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The Interest Rate Hawks Are Out In Force

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BoE looks set to hold rates, cut expectations wane

Tue Mar 7, 2006 4:19 PM GMT

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By Sumeet Desai

LONDON, March 7 (Reuters) - British interest rates will almost certainly stay at 4.5 percent this week and economists are no longer so sure the Bank of England will cut borrowing costs again in the next few months.

All 40 analysts polled by Reuters last week predicted the central bank's Monetary Policy Committee would keep rates steady for the seventh month this Thursday. Many said slow economic growth will prompt another cut as soon as May.

But more news showing the economy picking up speed and house prices once again rising has got people thinking that the next rate move may well be up, even if not for some time.

"We do not think there will be much serious debate over the outcome of this month's meeting," said Philip Shaw, chief economist at Investec.

"A more interesting debate surrounds whether the MPC will or should ease over the coming months. We have changed our view. We had been tentatively pencilling a further 25 basis point cut in rates during the spring. We no longer think this will be the case."

The BoE's latest forecasts certainly suggested the central bank saw no urgent need to change policy right now. It predicted growth picking up close to its long-run average and inflation sticking close to the 2.0 percent target.

ONE DOVE

MPC member Stephen Nickell, however, has cast doubt on those relatively benign forecasts and voted unsuccessfully for a rate cut three months running.

But so far there has been little sign that any of the other eight MPC members are ready to join his cause. Even fellow dove Kate Barker appeared relatively satisfied with the BoE's central forecast of economic growth picking up toward 3 percent.

"The already long odds that any other MPC members could join Stephen Nickell in voting for a rate cut will have been stretched even further by the very strong purchasing managers' service sector survey for February," said Howard Archer of Global Insight.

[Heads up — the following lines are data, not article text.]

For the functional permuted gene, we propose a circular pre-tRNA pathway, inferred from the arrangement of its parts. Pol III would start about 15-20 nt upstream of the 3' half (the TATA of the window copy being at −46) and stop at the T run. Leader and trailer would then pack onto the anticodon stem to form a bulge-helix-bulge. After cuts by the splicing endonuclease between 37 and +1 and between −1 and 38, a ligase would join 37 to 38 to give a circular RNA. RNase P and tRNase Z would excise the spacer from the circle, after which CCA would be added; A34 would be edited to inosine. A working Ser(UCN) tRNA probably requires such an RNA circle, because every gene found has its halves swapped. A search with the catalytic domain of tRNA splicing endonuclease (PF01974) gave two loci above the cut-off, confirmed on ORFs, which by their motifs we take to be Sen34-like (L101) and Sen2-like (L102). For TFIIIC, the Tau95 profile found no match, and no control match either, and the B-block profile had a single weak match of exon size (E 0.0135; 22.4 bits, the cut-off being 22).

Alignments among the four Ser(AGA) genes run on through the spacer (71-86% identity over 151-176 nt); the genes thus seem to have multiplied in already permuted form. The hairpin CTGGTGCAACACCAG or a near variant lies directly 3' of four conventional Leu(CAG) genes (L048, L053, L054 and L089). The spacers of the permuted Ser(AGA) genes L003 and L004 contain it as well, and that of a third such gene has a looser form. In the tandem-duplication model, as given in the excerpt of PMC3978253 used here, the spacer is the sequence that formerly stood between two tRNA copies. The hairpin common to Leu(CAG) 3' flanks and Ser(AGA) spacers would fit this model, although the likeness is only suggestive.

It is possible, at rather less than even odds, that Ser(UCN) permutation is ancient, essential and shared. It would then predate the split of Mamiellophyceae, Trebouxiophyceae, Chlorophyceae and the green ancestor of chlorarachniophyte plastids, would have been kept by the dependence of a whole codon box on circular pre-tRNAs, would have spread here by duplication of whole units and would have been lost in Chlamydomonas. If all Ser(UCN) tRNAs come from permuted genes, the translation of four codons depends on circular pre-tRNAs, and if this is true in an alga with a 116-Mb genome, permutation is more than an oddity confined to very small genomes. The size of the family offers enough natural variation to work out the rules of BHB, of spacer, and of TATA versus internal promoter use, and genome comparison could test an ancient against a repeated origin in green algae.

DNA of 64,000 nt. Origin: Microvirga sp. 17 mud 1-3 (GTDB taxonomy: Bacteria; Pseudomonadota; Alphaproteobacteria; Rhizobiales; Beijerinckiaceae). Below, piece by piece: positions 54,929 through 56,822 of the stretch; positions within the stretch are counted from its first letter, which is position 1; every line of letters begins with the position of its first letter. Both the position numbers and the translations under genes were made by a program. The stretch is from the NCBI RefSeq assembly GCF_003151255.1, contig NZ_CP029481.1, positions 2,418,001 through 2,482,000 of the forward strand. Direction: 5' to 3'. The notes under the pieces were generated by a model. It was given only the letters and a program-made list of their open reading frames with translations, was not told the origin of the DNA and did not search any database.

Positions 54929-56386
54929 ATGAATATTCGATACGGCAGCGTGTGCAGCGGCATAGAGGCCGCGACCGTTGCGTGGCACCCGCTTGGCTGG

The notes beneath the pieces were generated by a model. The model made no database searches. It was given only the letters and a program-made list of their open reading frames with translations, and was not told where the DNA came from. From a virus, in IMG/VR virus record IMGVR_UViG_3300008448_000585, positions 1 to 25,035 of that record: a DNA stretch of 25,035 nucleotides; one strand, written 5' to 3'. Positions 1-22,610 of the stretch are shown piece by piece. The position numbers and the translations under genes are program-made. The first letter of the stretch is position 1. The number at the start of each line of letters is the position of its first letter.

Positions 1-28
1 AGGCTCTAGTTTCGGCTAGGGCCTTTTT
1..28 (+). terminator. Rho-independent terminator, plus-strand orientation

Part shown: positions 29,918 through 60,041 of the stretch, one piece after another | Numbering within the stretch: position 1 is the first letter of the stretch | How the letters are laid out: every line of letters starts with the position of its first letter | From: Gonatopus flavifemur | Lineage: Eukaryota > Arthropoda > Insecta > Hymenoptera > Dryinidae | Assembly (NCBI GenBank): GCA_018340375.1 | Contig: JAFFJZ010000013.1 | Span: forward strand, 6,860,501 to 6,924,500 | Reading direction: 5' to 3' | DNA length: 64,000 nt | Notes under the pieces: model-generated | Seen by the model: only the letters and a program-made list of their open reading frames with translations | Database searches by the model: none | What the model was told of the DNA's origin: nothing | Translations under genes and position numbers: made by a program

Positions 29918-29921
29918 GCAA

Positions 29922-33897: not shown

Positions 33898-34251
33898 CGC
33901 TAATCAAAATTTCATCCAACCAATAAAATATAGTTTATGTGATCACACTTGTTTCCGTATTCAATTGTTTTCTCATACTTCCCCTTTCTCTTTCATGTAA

http://today.reuters.co.uk/investing/finan...RITAIN-BANK.XML

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ONE DOVE

MPC member Stephen Nickell, however, has cast doubt on those relatively benign forecasts and voted unsuccessfully for a rate cut three months running.

But so far there has been little sign that any of the other eight MPC members are ready to join his cause. Even fellow dove Kate Barker appeared relatively satisfied with the BoE's central forecast of economic growth picking up toward 3 percent.

"The already long odds that any other MPC members could join Stephen Nickell in voting for a rate cut will have been stretched even further by the very strong purchasing managers' service sector survey for February," said Howard Archer of Global Insight.

And nickell quits in may...

Edited by RobertPaulson

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But more news showing the economy picking up speed and house prices once again rising has got people thinking that the next rate move may well be up, even if not for some time.

That's great! Rightmove and alike have shot themselves in the foot with their ever optimistic surveys.

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  • 301 Brexit, House prices and Summer 2020

    1. 1. Including the effects Brexit, where do you think average UK house prices will be relative to now in June 2020?


      • down 5% +
      • down 2.5%
      • Even
      • up 2.5%
      • up 5%



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